Flair and the championship returned to WCW in 1993. For a time, the version of the WCW World Heavyweight Championship which was created in Flair’s absence remained the top belt in the company, and WCW had seceded from the NWA, so the ‘Big Gold’ was rechristened the WCW International World Heavyweight Championship. It was eventually reunified with the WCW World Heavyweight Championship in 1994, and the ‘Big Gold’ regained its position as the top belt in WCW, and would remain there until the company was purchased by WWE in 2001. During the last few years of WCW, it was held by the likes of Hollywood Hogan, Kevin Nash, Goldberg, and finally Booker T.
The belt had a short but memorable run as the WCW Championship while the ‘Invasion’ angle transpired on WWF TV in the latter half of 2001, pitting WCW and ECW stars against WWF stalwarts. During this time, Kurt Angle and The Rock were both able to add the title to their list of accomplishments. After the Invasion, WWF dropped the use of the WCW name from the belt and it was simply known as the World Heavyweight Championship until it was unified with the WWF Championship at Vengeance in December 2001, with Chris Jericho defeating ‘Stone Cold’ Steve Austin and The Rock on the same night to become the first Undisputed WWF Champion. Jericho would carry both belts until the following year’s WrestleMania X8, where Triple H defeated Jericho for the Undisputed Championship, he then introduced a new, single belt to replace the older versions.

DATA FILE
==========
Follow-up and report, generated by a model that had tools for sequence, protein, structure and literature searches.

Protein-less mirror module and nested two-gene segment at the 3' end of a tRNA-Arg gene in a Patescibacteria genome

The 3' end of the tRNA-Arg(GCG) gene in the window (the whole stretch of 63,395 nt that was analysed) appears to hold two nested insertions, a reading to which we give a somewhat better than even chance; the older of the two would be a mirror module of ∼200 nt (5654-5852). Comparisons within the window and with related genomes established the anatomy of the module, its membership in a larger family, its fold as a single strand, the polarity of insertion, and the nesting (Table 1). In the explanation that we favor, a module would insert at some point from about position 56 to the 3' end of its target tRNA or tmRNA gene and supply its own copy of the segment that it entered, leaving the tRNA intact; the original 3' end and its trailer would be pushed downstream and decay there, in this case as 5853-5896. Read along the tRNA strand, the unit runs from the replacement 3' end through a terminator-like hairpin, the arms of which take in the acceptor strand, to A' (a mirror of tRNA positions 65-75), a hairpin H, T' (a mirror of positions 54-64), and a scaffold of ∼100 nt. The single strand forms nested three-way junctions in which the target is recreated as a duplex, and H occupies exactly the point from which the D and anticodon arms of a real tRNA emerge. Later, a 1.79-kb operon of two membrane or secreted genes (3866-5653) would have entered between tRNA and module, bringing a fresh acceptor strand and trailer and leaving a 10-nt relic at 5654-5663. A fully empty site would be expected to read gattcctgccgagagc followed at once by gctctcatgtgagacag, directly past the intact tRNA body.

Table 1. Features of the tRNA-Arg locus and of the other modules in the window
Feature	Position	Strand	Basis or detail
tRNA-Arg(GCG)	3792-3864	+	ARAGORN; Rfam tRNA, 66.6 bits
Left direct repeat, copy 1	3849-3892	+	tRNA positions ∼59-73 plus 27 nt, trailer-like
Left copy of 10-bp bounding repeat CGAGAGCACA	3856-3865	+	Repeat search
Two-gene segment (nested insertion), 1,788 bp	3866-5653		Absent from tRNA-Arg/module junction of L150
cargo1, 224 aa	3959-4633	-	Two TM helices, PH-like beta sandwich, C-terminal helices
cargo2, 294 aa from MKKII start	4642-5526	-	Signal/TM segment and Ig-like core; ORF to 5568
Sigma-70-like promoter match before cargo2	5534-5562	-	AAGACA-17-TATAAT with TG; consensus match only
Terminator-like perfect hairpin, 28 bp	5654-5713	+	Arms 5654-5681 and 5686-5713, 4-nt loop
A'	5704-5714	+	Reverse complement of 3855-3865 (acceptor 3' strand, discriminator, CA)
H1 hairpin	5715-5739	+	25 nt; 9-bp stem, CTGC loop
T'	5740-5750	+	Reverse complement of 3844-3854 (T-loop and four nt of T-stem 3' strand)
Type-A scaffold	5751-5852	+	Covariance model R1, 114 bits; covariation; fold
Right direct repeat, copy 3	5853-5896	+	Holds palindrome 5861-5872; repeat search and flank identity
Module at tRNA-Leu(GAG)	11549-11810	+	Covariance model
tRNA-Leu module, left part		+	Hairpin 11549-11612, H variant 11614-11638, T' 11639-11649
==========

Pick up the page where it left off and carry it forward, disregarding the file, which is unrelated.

A version of the ‘Big Gold’ would resurface later in 2002, this time with the WWE logo emblazoned at the top of the centre plate, it would be known as the World Heavyweight Championship until it was once again unified with the now WWE Championship when Randy Orton defeated John Cena at TLC 2013. Again, both belts were held by the champion to signify their status as the WWE World Heavyweight Champion, this lasted until August of 2014 when a new belt was unveiled to replace them, and the Big Gold was retired for the final time.